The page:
The Main One Race That The Business Never, Ever Really wants to Win

Some races seem like they are fun to win.

The Astonishing Race. The Indianapolis 500. The Tour de France (even though they apparently cause you to urinate inside a little cup once you win, which does not appear very triumphant – unless of course they take part in the The Exorcist theme or something like that).

And a few races look — and therefore are – simply awful to win.

Like the race where companies claw, grab, jab and smack one another silly inside a no-holds-barred make an effort to end up being the undisputed low cost champion.

How can this be race so ghastly? Because, unlike the astonishing Race, the Indianapolis 500, or even the Tour de France, the race to become king or queen from the low cost empire is really a quick and miserable race towards the bottom.

Here’s why: the need to compete exclusively – or very considerably – on cost is extremely, very tempting. It’s like getting certainly one of individuals “Get free from Jail” cards from Monopoly except this can be a “Get free from the Sales Cycle” card, also it entitles a company to transform an expense sensitive prospect right into a signed, sealed and delivered customer. And also, since lots of sales agents have been in the client-making business, it is a handy card to possess.

Talking about customers: they LOVE you get one of individuals cards. And why should not they? Getting good at a lower price is fun.

But for the short-term, it’s fun for companies, too – because there is a new customer. Meaning new revenue. Meaning bills get compensated, purchases are created, the sacred wheel of economic turns for an additional day.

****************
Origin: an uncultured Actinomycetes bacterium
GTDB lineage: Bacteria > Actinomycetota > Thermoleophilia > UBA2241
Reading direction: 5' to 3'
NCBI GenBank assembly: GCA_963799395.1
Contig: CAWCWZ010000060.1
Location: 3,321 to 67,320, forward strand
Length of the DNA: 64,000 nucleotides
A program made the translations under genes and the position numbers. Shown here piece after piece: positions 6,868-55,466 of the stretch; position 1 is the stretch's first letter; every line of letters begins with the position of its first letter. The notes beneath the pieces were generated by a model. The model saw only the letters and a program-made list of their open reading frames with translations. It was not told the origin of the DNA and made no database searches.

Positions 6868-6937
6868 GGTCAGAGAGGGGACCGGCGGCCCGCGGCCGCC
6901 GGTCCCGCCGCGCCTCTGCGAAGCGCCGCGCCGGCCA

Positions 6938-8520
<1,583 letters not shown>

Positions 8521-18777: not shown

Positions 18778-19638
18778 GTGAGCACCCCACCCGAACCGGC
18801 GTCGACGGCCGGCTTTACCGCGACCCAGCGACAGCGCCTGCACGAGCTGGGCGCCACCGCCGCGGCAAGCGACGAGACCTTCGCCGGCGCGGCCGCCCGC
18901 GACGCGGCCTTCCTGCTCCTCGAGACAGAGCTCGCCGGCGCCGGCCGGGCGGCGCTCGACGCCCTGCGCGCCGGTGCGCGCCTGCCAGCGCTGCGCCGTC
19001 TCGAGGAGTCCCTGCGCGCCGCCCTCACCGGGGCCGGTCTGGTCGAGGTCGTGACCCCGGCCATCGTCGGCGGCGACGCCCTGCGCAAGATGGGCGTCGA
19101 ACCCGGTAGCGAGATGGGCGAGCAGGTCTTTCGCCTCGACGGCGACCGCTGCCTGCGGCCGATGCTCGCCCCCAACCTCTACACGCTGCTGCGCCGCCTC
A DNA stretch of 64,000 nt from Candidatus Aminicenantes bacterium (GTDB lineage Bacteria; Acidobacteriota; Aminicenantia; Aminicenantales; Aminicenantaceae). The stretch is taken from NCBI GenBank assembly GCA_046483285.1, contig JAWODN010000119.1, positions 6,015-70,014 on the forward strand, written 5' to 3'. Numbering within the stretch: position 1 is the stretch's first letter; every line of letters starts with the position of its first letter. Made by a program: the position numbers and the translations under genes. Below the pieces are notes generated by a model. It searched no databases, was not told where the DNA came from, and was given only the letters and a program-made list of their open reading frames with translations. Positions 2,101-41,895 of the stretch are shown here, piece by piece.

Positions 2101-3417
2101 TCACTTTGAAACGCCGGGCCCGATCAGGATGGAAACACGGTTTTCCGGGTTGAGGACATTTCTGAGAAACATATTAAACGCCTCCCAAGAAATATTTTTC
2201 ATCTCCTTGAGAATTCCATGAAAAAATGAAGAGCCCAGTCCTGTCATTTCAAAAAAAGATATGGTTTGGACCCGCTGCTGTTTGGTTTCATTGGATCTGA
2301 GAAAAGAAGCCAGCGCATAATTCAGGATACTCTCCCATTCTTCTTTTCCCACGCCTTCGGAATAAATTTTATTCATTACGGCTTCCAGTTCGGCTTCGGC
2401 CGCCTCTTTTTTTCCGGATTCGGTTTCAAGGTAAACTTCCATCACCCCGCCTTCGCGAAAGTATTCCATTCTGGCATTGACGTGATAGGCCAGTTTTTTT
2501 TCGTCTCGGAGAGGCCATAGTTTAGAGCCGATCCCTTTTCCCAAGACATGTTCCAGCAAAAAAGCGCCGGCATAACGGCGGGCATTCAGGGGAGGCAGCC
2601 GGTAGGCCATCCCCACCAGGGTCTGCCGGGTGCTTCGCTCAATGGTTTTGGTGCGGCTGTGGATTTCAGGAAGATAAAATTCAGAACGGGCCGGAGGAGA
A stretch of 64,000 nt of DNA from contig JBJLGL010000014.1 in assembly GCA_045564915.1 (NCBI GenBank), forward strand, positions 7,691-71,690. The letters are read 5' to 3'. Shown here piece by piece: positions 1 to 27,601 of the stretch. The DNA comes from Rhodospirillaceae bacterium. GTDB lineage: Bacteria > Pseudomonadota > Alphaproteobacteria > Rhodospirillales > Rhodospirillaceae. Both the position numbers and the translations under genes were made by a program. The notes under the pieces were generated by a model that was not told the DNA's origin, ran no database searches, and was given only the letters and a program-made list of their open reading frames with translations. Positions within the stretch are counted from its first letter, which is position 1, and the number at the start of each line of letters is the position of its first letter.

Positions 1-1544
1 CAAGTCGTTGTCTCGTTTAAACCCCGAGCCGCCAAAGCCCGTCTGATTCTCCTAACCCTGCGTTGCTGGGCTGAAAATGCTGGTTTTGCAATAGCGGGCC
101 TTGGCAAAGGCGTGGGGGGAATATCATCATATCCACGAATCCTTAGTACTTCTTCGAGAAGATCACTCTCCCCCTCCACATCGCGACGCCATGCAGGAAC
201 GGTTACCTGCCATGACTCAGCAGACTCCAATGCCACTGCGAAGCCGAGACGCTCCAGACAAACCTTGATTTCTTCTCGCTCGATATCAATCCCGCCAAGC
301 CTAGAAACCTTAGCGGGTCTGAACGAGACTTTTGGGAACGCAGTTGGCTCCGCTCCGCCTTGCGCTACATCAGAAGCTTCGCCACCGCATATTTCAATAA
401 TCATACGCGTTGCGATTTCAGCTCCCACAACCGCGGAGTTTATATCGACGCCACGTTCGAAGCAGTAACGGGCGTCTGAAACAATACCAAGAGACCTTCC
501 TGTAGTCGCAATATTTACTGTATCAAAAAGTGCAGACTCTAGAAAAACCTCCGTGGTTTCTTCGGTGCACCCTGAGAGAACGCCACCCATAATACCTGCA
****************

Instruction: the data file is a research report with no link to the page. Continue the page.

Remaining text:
But…

In the long run, that wheel slows lower, stops after which starts running backwards – and crushes its very own business beneath it. Why? Because whenever a business begins to compete exclusively or very considerably on cost, it typically achieves this (and here’s the truly important part) by neglecting its other core value propositions.

That’s, the company loses its grip alternatively things making it great. Actually, with time, it may outright forget it does other things efficient at all. All it will is provide the least expensive cost.

And thus its sales pressure – whether that’s one individual, or perhaps a whole troop of folks – begin using their “Get free from the Sales Cycle” card constantly. It is easy. It’s convenient. It really works (for some time).

And it is Risky.

The thing is, when the “we are by pointing out least expensive cost and little else” label is smacked on the business – through the business itself, by customers, or both – then it is not lengthy before that business’s choices become commodity. Customers no more see value distinctions between what that business offers and just what a rival offers. Such things as service, quality, speed, along with a whole barrel of other essential things fade from sight. It’s all regulated cost, constantly.

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